Floating with Joe...



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FLOATERS, JOSEPH WAMBAUGH’S 11TH NOVEL—the second set in his adopted hometown, San Diego—is due in hardcover from Bantam May 14. And for his legions of fans, it comes not a moment too soon. Beginning with the very first of his 15 books, The New Centurions, published more than 25 years ago, Wambaugh has never delivered less than a bestseller. But not since The Choirboys has the author seemed to have so much fun with his characters and the wacko world they inhabit.

An ex-LAPD cop, Wambaugh writes about what he knows best. And Floaters offers us the typical cast of Wambaugh characters. As usual, police are central to the plot. And then there are the pimps and prostitutes, the highbrows and lowlifes, the schemers and dreamers. But this time, there is an inanimate—if thoroughly anthropomorphized—central character: the America’s Cup.

Floaters is a tale of peculiar passion and perversity. It is also—in spite of the fact that it’s a tale of murder—very, very funny. The plot centers on a plan to rig the 1995 America’s Cup regatta. The plot is hatched by one Ambrose Willis Lutterworth Jr., Wambaugh’s fictional “Keeper of the Cup,” whose entire raison d’être revolves around the life of the Cup.

In his misadventures, Lutterworth, the sad scion of a not-so-old-guard Point Loma family, enlists the aid of a hooker named Blaze Duvall. And as the tale spins out, their trail leads the reader through a world of international sailing, yacht crazies, racing spies, wanna-be sailors, scam artists and cops. Cops like Norman G. “Letch” Boggs, the world’s foremost garlic gourmand and drooling sexist. And vice officer Rita Mason. And Fortney and Leeds, partners in the SDPD’s Harbor Unit. And the oft-married detective Anne “of a Thousand Names” Zorn, who will come as close as any of them to cracking the case of the America’s Cup Murder.

As usual, Wambaugh’s dialogue crackles with wit, and his plotting keeps the pages turning briskly. But ultimately, it’s the characters he draws, and Wambaugh’s navigations into the best and worst of human nature, that make Floaters sail. And soar. And for San Diego readers, those insights—along with tweaks for everyone from Dennis Conner to Bill Koch to the San Diego mayor—will fascinate.
—TOM BLAIR
READ EXCERPTS FROM JOSEPH WAMBAUGH'S NEW NOVEL, FLOATERS
In the spirit of his new novel, Joseph Wambaugh issued forth with the following sublimely silly answers to what San Diego Magazine regarded as seven supremely serious questions. (Note how the questions are so much longer than the answers.)

San Diego Magazine: Floaters revolves around the America’s Cup, an event that’s been described, by detractors, as “The Coma off Point Loma” and “Ennui at Sea.” Did you worry about whether there would be enough interest in the “rich boys’ sport” to win an audience for your new novel?

Joseph Wambaugh: Yes. That’s why it’s full of masseuses and murder. Who the hell wants to read about Koch and Conner?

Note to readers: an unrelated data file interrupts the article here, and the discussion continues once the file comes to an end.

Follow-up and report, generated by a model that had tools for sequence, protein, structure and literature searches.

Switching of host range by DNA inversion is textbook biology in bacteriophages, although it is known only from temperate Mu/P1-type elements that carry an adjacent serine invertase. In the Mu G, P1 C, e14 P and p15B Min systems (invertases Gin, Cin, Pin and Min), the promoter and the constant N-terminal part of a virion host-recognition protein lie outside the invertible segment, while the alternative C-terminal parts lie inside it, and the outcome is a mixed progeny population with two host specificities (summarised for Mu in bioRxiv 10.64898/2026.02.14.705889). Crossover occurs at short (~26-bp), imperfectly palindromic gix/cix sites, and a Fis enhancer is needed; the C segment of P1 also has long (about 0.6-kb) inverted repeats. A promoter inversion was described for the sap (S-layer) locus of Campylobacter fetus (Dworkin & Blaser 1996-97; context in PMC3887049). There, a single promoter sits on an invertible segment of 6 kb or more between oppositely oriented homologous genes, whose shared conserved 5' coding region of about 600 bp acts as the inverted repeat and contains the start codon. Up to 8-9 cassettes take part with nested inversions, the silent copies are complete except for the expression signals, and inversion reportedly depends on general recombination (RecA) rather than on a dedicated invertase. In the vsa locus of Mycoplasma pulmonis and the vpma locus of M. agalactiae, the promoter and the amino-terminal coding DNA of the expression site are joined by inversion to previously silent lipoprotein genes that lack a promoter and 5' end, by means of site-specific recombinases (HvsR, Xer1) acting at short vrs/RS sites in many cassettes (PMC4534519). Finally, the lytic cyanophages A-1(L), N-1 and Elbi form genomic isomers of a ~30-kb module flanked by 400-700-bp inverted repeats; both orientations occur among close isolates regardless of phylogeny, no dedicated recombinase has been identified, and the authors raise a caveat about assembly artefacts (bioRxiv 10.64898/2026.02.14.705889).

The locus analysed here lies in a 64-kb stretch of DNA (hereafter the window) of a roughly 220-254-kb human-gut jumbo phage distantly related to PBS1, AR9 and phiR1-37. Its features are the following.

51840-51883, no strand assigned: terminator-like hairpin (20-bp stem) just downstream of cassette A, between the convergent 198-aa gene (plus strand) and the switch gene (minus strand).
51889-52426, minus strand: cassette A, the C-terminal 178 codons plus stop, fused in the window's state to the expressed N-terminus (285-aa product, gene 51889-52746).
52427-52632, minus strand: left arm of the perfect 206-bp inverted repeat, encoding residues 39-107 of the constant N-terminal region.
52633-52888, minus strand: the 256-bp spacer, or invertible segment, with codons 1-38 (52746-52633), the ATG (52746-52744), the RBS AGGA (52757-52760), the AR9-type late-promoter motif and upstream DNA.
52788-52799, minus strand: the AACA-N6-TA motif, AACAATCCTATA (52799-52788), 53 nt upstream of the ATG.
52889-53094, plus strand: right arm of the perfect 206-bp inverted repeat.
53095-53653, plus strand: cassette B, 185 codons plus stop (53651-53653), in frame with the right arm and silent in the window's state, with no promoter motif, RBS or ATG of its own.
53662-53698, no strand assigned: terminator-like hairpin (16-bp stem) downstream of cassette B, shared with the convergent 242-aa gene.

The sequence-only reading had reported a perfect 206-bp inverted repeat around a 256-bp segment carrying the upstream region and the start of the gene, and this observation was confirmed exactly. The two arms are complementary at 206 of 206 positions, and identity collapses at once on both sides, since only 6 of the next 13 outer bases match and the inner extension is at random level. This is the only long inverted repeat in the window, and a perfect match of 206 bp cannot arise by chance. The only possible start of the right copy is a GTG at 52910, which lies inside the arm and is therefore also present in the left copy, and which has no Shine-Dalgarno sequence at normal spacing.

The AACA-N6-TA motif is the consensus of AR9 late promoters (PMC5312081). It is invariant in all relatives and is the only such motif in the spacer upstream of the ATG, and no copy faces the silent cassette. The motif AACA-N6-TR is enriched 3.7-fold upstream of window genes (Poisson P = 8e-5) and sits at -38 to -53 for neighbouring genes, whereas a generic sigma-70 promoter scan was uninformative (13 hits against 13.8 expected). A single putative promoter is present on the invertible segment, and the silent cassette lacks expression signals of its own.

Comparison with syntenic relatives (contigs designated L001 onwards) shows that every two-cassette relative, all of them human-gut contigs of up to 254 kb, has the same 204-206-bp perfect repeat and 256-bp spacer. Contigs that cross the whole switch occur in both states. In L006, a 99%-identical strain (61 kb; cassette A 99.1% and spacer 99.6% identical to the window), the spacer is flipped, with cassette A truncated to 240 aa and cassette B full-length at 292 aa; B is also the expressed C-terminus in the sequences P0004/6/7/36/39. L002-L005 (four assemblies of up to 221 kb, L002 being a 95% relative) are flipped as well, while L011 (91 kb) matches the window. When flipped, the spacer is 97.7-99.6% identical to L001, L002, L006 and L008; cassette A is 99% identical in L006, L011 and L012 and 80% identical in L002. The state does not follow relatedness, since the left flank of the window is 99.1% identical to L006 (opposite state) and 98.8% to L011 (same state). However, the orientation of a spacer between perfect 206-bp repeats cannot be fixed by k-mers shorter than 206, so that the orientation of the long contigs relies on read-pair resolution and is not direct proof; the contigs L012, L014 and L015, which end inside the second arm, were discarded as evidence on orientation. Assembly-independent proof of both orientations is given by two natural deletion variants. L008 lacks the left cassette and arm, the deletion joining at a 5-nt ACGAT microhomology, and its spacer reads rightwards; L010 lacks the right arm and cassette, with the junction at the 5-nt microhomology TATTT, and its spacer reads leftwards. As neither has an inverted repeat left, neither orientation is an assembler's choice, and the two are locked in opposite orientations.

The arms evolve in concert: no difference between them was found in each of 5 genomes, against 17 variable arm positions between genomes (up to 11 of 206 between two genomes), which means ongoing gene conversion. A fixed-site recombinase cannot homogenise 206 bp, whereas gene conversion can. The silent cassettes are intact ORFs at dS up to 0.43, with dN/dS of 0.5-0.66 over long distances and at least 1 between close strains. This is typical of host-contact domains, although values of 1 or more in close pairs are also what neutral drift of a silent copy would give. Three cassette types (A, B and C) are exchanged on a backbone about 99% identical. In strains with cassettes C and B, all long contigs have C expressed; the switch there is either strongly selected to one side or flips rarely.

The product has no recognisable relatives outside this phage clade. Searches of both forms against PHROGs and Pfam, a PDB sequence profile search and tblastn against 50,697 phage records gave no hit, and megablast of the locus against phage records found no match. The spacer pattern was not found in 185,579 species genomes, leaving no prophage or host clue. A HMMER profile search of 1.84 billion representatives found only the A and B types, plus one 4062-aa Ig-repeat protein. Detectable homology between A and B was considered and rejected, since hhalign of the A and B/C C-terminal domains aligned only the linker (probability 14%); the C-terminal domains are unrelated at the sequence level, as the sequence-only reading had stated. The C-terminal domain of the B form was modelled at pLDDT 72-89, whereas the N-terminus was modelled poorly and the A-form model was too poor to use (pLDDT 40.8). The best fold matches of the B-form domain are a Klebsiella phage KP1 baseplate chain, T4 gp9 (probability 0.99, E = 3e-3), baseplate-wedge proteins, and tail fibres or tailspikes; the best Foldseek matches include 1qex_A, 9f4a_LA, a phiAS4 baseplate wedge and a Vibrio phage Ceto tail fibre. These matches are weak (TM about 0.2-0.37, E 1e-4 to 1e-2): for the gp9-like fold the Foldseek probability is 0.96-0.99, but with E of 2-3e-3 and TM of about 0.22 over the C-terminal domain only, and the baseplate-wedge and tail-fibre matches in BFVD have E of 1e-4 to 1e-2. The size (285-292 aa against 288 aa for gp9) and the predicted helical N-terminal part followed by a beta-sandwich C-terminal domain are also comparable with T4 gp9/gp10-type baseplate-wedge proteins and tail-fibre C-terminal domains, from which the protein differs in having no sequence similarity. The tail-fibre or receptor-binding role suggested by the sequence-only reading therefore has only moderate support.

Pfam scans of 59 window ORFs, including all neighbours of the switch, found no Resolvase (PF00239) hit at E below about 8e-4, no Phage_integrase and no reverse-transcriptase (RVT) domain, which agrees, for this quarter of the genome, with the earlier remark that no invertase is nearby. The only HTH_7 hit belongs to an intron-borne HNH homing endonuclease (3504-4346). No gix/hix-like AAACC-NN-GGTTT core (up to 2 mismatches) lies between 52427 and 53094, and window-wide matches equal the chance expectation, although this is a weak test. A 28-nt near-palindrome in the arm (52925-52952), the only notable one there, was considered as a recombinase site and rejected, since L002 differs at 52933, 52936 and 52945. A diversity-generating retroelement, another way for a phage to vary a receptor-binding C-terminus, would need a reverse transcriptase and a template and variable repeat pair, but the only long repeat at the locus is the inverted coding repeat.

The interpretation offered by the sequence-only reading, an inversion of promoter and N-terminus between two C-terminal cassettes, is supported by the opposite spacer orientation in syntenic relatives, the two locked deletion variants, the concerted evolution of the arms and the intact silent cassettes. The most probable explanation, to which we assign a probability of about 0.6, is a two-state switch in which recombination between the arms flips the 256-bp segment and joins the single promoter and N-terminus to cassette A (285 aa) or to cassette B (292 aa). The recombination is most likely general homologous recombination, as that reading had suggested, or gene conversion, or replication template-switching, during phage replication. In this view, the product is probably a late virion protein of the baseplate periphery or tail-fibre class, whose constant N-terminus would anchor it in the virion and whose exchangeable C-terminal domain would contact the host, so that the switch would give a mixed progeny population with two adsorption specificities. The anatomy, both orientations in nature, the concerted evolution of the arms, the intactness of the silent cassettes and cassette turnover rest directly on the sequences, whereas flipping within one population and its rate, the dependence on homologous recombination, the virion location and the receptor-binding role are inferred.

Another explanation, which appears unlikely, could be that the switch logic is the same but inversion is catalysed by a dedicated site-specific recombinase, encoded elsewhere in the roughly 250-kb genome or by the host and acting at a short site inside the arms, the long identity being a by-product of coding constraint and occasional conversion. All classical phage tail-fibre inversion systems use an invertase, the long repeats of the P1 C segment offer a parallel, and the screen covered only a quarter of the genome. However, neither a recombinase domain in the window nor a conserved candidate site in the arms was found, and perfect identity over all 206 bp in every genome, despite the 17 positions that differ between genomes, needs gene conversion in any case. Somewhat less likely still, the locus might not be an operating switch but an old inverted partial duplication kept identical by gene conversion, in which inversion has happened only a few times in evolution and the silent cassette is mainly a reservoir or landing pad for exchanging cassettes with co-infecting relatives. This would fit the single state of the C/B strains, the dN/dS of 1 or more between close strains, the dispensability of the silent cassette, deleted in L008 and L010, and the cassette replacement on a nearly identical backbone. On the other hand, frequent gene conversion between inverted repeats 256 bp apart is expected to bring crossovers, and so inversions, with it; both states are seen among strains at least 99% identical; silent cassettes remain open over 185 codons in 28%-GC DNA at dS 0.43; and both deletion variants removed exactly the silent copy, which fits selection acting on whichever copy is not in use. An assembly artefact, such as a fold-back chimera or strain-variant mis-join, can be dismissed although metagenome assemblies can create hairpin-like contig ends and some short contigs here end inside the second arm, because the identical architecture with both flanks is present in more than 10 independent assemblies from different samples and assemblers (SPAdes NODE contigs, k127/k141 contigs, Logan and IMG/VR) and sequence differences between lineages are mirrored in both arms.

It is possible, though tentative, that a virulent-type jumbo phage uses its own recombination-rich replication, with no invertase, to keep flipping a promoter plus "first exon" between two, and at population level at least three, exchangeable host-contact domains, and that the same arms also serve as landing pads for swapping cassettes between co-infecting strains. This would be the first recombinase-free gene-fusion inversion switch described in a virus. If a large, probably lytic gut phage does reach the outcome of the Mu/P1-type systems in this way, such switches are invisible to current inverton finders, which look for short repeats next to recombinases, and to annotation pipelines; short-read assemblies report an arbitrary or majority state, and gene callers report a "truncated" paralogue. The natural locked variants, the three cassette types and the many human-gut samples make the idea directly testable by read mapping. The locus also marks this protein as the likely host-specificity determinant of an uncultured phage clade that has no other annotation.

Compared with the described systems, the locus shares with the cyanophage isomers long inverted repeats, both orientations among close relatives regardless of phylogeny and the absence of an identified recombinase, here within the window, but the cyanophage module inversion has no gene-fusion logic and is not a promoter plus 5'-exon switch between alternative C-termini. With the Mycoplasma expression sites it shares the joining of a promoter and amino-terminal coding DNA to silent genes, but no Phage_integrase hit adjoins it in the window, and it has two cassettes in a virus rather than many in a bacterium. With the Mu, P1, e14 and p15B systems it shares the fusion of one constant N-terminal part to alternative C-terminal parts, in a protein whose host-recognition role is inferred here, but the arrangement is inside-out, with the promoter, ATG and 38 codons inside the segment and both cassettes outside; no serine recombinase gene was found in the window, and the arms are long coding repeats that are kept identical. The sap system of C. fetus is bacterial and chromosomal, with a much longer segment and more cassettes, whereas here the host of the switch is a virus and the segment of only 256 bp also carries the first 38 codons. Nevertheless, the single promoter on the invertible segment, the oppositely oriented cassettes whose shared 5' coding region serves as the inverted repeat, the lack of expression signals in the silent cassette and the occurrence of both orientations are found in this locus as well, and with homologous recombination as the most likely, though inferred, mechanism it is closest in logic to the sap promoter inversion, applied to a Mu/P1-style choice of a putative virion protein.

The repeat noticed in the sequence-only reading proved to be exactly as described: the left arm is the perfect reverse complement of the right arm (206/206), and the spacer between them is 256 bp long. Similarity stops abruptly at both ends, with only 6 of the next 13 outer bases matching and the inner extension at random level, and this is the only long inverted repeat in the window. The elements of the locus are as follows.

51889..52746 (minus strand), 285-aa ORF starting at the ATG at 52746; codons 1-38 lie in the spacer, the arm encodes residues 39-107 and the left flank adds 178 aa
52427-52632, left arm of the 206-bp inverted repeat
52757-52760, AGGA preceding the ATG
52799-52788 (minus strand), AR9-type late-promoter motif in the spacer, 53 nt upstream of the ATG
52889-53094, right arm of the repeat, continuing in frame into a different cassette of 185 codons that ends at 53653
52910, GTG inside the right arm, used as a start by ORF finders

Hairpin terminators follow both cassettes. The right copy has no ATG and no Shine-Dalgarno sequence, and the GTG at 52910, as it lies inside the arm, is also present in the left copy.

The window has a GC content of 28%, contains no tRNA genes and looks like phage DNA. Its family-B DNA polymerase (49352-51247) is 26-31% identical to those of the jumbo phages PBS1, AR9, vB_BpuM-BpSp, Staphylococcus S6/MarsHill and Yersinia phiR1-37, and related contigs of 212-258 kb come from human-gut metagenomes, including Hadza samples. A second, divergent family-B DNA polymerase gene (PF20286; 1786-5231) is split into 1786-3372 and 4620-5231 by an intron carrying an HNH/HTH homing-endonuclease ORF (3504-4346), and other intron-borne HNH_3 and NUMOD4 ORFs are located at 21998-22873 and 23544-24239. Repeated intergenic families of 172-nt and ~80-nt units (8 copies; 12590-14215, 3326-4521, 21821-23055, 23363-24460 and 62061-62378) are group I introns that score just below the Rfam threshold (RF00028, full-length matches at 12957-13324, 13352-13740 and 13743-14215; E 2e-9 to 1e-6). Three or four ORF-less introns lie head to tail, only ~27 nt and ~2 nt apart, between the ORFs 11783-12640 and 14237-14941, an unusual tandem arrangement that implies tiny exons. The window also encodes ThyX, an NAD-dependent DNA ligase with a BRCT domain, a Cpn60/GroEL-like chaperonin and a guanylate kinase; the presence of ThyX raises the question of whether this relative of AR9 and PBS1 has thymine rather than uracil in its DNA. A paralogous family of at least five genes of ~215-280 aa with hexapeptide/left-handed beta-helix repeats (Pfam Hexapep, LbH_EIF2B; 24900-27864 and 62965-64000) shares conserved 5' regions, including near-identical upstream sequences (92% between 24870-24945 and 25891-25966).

SDM: But you take some good pokes at folks like Bill Koch and Dennis Conner—and even the mayor of San Diego—in Floaters. Are you going to lose any friends over this one?

J.W.: No. Nobody likes me to begin with.

SDM: Floaters is full of laughs. You seem to have had fun writing it. Is writing fun for you, or is that a master’s illusion?

J.W.: Writing is about as much fun as a hemorrhoidectomy.

SDM: The reading habits of Americans have changed since you first began writing. Which is to say we read fewer books. How much more difficult would it be for Joseph Wambaugh to crack the world of publishing with a first novel in 1996 than it was with his first, The New Centurions, almost three decades ago?

J.W.: The first thing I would do today is to get a contract from Books on Tape. Today’s college seniors can’t read a stop sign.

SDM: It’s been nearly a decade since your last nonfiction work, The Blooding. And you’ve had more than a few battles with the real-life subjects of your four nonfiction works—subjects who’ve sued you. Does that discourage the kind of serious work done in books like The Blooding and Echoes in the Darkness?

J.W.: Yes. I am no longer ever serious, except when I call for the torture and imprisonment of all trial lawyers. Sorry ... I meant “consumer attorneys.” If you doubt my frivolity, take a gander at the silly geek on the cover of your magazine.

SDM: You wrote novels while you lived in Los Angeles; you wrote a couple when you lived in Orange County; you wrote two with a Palm Springs backdrop, where you also have a home. And this is your second novel set in San Diego—your first since moving to Point Loma. Do you need to keep moving for inspiration, or are you going to stick around here for a while?

J.W.: A house is only good for two books. Therefore, I have to retire after the next book. Or move.

SDM: Did anybody ever say to you, “That book was such a natural it must have written itself”? And what was your answer?

J.W.: Right. And I gave birth to myself one winter day back in East Pittsburgh, PA, when I had nothing else to do.

—TOM BLAIR

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